Earlier this week, I was involved in conversations about foreshadowing and setting on a writers' list I frequent. I got to thinking about how I use foreshadowing, and corrinalaw
and I batted the topic back and forth.
I'm trying to pay attention as I write this draft of Satisfaction, to see when I layer in things that will be foreshadowing (things that I already recognize as foreshadowing, I should say) and to see if there's a pattern to the layering. I guess what I'm doing is that, as I write, I see all sorts of fractal possibilities with each decision made by the characters. I can glance down each and see if any of them hold potential to work with the overall themes of the book as I know them, and if they do then I choose to include those layers.
Who I chose for bosun's mate in Satisfaction
is one of those fractal layers that stayed. The new bosun has to have a mate to help with the implementing of discipline. Discipline is, in part, at the end of the lash, so when the new bosun (who's Dutch) turned up with a bigger, more aggressive countryman, I gave him a rope belt with a big, nasty knot at its end. It's just a detail of setting when he's first introduced, but I know that there'll be nastiness with ropes later on, so it's also foreshadowing, depending on how he uses it. Plus there's the verses of the What Shall We Do with a Drunken Sailor, (at least) one of which involves the lash and many of which have potential to lead to scenes in this story. So, layers equal foreshadowing.
And setting equals foreshadowing, too. There is a significance to every setting; the work is in figuring out what that significance is to the person narrating the scene. If a character is leading a bunch of others escaping down a corridor in a secured compound, the choice of corridors matters, both to the characters and to their interaction. One of them chose this route. The others have a reaction to the choice, and to the route. They are living in your setting.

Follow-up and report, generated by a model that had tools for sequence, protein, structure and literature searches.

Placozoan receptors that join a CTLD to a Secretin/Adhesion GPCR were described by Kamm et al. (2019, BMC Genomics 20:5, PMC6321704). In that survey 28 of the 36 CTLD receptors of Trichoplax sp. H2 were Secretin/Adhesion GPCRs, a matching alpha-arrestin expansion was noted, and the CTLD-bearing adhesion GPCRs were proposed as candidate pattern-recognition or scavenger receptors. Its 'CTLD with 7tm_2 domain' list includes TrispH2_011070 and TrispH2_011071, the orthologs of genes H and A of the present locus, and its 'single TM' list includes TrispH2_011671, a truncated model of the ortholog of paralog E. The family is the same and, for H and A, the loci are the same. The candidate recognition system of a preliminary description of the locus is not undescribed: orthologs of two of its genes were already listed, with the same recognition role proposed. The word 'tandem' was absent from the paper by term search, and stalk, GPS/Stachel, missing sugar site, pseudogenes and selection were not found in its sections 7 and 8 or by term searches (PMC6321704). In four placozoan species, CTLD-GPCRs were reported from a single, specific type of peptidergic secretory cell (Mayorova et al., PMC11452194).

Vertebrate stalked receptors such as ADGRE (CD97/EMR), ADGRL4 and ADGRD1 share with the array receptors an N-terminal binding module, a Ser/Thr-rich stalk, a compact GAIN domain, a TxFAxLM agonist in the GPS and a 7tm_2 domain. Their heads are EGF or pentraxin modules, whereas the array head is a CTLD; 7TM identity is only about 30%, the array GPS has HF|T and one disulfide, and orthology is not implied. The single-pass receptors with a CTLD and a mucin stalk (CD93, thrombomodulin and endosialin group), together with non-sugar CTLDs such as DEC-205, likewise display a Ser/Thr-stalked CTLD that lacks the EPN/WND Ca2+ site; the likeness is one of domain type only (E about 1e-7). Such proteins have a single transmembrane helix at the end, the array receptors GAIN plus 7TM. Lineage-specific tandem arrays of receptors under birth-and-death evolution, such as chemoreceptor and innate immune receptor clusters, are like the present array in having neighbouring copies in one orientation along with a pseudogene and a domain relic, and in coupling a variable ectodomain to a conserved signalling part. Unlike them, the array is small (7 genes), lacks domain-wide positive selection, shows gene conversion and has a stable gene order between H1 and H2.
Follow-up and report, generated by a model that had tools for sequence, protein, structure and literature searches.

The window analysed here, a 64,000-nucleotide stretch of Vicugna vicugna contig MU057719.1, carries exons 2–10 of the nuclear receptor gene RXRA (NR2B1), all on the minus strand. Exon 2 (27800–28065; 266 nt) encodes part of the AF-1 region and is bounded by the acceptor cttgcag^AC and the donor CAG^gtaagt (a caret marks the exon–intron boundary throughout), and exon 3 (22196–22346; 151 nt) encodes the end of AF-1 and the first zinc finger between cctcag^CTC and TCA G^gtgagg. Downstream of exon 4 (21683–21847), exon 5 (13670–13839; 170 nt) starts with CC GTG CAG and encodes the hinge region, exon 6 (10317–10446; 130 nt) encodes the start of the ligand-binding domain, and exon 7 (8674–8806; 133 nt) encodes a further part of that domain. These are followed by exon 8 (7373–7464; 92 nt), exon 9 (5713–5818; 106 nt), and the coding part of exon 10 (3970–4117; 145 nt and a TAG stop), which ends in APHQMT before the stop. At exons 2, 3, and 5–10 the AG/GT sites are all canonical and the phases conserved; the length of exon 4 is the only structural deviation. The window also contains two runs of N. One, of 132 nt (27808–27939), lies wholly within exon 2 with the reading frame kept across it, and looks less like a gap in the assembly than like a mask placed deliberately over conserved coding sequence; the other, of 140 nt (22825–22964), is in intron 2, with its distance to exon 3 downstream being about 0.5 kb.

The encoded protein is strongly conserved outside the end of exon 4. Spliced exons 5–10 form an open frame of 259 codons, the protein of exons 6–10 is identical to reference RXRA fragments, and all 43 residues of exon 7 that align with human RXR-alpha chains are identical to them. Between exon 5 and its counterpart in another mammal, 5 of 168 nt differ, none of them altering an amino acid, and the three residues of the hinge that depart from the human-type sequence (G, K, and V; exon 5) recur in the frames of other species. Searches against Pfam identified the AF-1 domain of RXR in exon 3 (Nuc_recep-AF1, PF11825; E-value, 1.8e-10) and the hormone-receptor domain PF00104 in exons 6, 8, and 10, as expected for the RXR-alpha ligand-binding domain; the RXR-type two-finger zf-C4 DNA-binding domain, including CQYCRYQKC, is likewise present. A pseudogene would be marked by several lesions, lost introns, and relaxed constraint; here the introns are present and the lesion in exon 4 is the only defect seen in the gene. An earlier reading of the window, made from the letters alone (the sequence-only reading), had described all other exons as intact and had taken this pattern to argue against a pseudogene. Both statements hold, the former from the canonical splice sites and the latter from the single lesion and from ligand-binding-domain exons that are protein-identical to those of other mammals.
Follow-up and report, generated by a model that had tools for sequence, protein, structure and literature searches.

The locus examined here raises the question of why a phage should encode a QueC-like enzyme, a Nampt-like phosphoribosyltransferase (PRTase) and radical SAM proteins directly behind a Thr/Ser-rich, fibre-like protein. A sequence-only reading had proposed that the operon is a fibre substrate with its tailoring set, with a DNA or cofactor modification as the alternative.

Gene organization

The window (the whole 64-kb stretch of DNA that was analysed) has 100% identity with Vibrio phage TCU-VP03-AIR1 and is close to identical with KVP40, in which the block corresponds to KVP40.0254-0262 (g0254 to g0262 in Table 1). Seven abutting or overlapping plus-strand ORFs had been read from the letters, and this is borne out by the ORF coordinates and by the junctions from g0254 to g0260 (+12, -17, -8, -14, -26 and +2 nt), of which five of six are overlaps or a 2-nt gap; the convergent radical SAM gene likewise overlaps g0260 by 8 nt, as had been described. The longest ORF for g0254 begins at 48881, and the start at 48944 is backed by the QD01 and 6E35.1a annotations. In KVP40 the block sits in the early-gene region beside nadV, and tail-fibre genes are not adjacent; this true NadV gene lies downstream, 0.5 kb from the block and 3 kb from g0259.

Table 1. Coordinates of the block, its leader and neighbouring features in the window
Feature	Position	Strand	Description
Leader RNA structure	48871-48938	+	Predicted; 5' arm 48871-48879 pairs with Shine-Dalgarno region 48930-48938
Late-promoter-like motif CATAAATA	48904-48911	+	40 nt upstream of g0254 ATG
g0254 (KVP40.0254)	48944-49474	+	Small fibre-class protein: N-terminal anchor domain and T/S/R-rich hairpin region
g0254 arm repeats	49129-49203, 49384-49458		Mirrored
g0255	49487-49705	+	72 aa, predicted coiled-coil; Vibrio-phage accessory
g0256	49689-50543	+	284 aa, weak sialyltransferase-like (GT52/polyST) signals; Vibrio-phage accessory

It's not what the corridors look like, in other words, but what the corridors mean to the characters. If they mean safety, or concealment, you describe how hard it is to see the characters in them, how they can work their way up to corners unobserved, the texture of the floor that enables them to run silently, that sort of thing. If they mean imminent capture, you describe the lighting, the noise the walls and floors are echoing around, the positioning of cameras. All of those things might be there - the lighting, the cameras, the positioning of the corners, the texture of the floor - but what you choose to describe is determined by what you want to convey to the reader.
Research has been limited because my available time has been rather compressed lately. I'm still doing minor readings on the city of Charleston ca. 1720 or so, not so much that I think the story will end up there as for the sense of place and time the information gives me. Port Royal had already experienced the first of its series of horrific earthquakes by the time of this story, and while it still existed as a city it was much reduced from what it had been. There are no existing buildings anymore for me to get this sense of place from.
(And hmm. There's one of those fractal layers I was talking about, above. Port Royal as a city crumbling around its residents' ears. One of the themes of this book is the clash of two societies and their mores (which are not the same as morals, but have things in common with them). So, when I do get to describing Port Royal, I need to describe the elements that will show this crumbling of the old regime.)
I had to do some research on bowsprit rigging, which drove me back to my notes from The Sailing Navy List - All the Ships of the Royal Navy, Built, Purchased and Captured, 1688-1860
, by David Lyon. (All hail Interlibrary Loan; this book is in extremely limited circulation, and purchasing an available copy is just not feasible, though I'd love to have one.)
I also did some research into older building techniques in the Caribbean. (Hint: the islands aren't really rock, or at least the Bahamas Islands aren't, and that's where the scene is set.)
Work on Satisfaction is ticking along at a respectable pace; thus far, I've made daily quota for novel_in_90
, though getting back into the swing of daily word count was not easy. I've put up about 6000 new words in the first week of solid work on it, and the story's becoming fun again, thank whoever. I did not relish the idea of slogging through this story if I couldn't get it to be enjoyable...and while I understand there's something to be said for the discipline of writing even if you don't think the story is exactly enjoyable at the moment--as in, revisions for an editor, which I can hope to be doing at some unknowable point in the future--that isn't a lesson I want to practice right now.